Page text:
The Leipzig horse tram went into operation in 1872, and in 1896 it was electrified. By the beginning of the 20th century at the latest, the Leipziger Brühl achieved its importance as the “world street of furs”. Back then, people spoke of “Brühl” as the epitome of the international fur trade, much as “Wall Street” stands for the American financial sector today.

The increased importance and self-confidence of the city became evident with the construction of the New Town Hall on the site of the former Pleißenburg in 1905, which is still the largest municipal administration building in Germany today, the gigantic Völkerschlachtdenkmal, inaugurated on the 100th anniversary of the Battle of the Nations in 1913, and the new main train station, which opened in 1915 replaced the Dresden, Magdeburg and Thuringian train stations. In 1910, Leipzig was the fourth largest city in the German Empire after Berlin, Hamburg and Munich, and it was only after the First World War that Cologne overtook it.

1918 to 1989
At the end of 1930 the population of Leipzig peaked at 718,200. At the end of 1933 the Reichstag fire trial took place in Leipzig, in which Marinus van der Lubbe was convicted, but the prominent communists accused of being his alleged accomplices were acquitted.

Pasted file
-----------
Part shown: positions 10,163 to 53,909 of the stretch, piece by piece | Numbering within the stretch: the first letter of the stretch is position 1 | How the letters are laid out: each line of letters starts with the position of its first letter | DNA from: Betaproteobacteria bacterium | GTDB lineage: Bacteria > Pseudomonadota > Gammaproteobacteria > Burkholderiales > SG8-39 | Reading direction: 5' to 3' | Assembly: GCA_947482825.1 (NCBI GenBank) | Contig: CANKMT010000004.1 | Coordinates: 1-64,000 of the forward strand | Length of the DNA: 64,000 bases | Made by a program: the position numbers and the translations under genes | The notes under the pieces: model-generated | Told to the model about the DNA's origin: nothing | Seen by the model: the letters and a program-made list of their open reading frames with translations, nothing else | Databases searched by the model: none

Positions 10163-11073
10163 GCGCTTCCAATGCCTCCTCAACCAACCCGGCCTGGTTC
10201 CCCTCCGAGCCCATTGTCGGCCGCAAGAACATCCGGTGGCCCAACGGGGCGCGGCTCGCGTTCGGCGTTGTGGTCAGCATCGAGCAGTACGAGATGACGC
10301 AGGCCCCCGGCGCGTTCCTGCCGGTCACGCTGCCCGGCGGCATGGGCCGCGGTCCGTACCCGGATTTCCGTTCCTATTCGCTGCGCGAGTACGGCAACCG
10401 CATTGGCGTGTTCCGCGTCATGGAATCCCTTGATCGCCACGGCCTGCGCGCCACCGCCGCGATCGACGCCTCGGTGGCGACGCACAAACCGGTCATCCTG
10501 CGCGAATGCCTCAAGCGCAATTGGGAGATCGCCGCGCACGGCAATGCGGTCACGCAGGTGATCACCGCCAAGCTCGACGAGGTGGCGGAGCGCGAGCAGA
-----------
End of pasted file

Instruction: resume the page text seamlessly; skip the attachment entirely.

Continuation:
During the Second World War, Leipzig was badly destroyed in Allied air raids (around 60% of the building fabric was affected), but not quite as badly as Dresden, Magdeburg or various major cities in West Germany. The destruction was also concentrated in the city center, while the pre-war buildings were largely preserved in the outskirts. On April 18, 1945, Leipzig was liberated by US Army units, but in accordance with the Yalta resolutions, it was handed over to the Soviet occupying forces in July.

In the GDR, Leipzig was the second largest city after East Berlin. As part of the uprising of June 17, 1953, there were also strikes and large protest marches in Leipzig. Around 27,000 workers went on strike and an estimated 40,000 people took part in demonstrations. The detention center and district court were stormed to rescue political prisoners. 10 people died in the violent crackdown by Soviet troops, most of them young people. A bronze relief in the form of an imprint of a tank chain in Salzgässchen today commemorates the event.


In the 1970s, the large housing estate Grünau was laid out using the panel construction housing series 70 (WBS 70). It had nearly 100,000 inhabitants at its peak and was practically a city within a city. Further large prefabricated housing estates were built in Paunsdorf, Schönefeld, Mockau, Möckern and on Straße des 18. Oktober.